[Ip-health] Professor Frederick Abbott in Health Policy Watch: World Trade Organization Faces Leadership Battle In Shadow Of Crisis Over Organization’s Future

Thiru Balasubramaniam thiru at keionline.org
Mon Jun 15 07:24:23 PDT 2020


World Trade Organization Faces Leadership Battle In Shadow Of Crisis Over
Organization’s Future
Analysis <https://healthpolicy-watch.news/category/content-type/analysis/>
12/06/2020 • Frederick M. Abbott

The early resignation of Roberto Azevedo from the post of Director General
(DG) of the World Trade Organization (WTO), sets the stage for a highly
politicized competition over his successor – who will face a major
challenge in demands to reshape the WTO in the wake of repeated US
complaints about its trade dispute rulings and policies with an alleged
pro-China tilt.

Azevedo announced in May that he would be resigning from the position as of
31 August 2020, a year before his term formally ends. Azevedo, a seasoned
and well-regarded member of Brazil’s diplomatic corps before taking on the
role of WTO DG, presided over a period when the WTO’s effectiveness as a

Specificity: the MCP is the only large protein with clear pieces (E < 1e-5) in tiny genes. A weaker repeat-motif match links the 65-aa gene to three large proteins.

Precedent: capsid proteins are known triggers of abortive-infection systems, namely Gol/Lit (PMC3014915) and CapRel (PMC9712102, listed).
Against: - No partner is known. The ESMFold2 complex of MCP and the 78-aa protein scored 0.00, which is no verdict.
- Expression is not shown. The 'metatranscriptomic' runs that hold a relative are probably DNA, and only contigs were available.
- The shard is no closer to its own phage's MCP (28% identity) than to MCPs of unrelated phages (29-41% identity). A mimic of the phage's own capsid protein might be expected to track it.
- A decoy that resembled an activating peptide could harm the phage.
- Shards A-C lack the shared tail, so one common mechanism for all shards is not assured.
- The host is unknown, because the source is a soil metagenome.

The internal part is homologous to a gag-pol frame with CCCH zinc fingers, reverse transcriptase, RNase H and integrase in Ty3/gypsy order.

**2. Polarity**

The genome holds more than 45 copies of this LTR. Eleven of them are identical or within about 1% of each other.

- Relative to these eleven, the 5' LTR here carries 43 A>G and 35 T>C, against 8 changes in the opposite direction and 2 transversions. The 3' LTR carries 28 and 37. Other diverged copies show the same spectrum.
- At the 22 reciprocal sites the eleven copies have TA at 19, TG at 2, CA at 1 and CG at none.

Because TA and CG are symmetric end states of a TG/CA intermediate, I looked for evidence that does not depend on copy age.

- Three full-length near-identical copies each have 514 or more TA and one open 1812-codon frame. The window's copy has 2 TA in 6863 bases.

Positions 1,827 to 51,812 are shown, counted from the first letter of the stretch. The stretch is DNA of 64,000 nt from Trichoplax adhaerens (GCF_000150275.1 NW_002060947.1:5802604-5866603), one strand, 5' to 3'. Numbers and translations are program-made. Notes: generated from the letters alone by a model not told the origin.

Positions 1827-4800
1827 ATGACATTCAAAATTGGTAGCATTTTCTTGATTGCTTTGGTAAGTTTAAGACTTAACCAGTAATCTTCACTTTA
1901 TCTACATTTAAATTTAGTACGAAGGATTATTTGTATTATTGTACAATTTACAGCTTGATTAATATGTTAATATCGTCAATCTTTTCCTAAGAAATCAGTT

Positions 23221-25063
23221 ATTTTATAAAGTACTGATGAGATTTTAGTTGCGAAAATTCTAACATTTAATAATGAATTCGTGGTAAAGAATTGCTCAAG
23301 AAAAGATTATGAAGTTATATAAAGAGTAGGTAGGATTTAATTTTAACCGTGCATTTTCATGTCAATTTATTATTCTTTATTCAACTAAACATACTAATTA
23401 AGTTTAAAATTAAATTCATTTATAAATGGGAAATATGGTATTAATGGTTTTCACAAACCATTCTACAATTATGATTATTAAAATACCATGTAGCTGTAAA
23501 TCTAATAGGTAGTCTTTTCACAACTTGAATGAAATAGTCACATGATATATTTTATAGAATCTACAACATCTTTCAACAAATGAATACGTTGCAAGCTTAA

negotiating forum was eroded. Political conflict between economically
powerful Members, most recently precipitated by the United States, brought
its highly regarded dispute settlement system to a standstill. Now, as the
COVID-19 crisis has sent global trade into a tailspin, the question is who
– if anyone – can revitalize the Organization and reassert its preeminence
in trade governance.

The new Director General will face a range of sharp debates around trade
issues that are critical to health – including the need to ensure wide
global access to new COVID-19 medicines and vaccines. But beyond the
current pandemic, the WTO may also play a lead role on other critical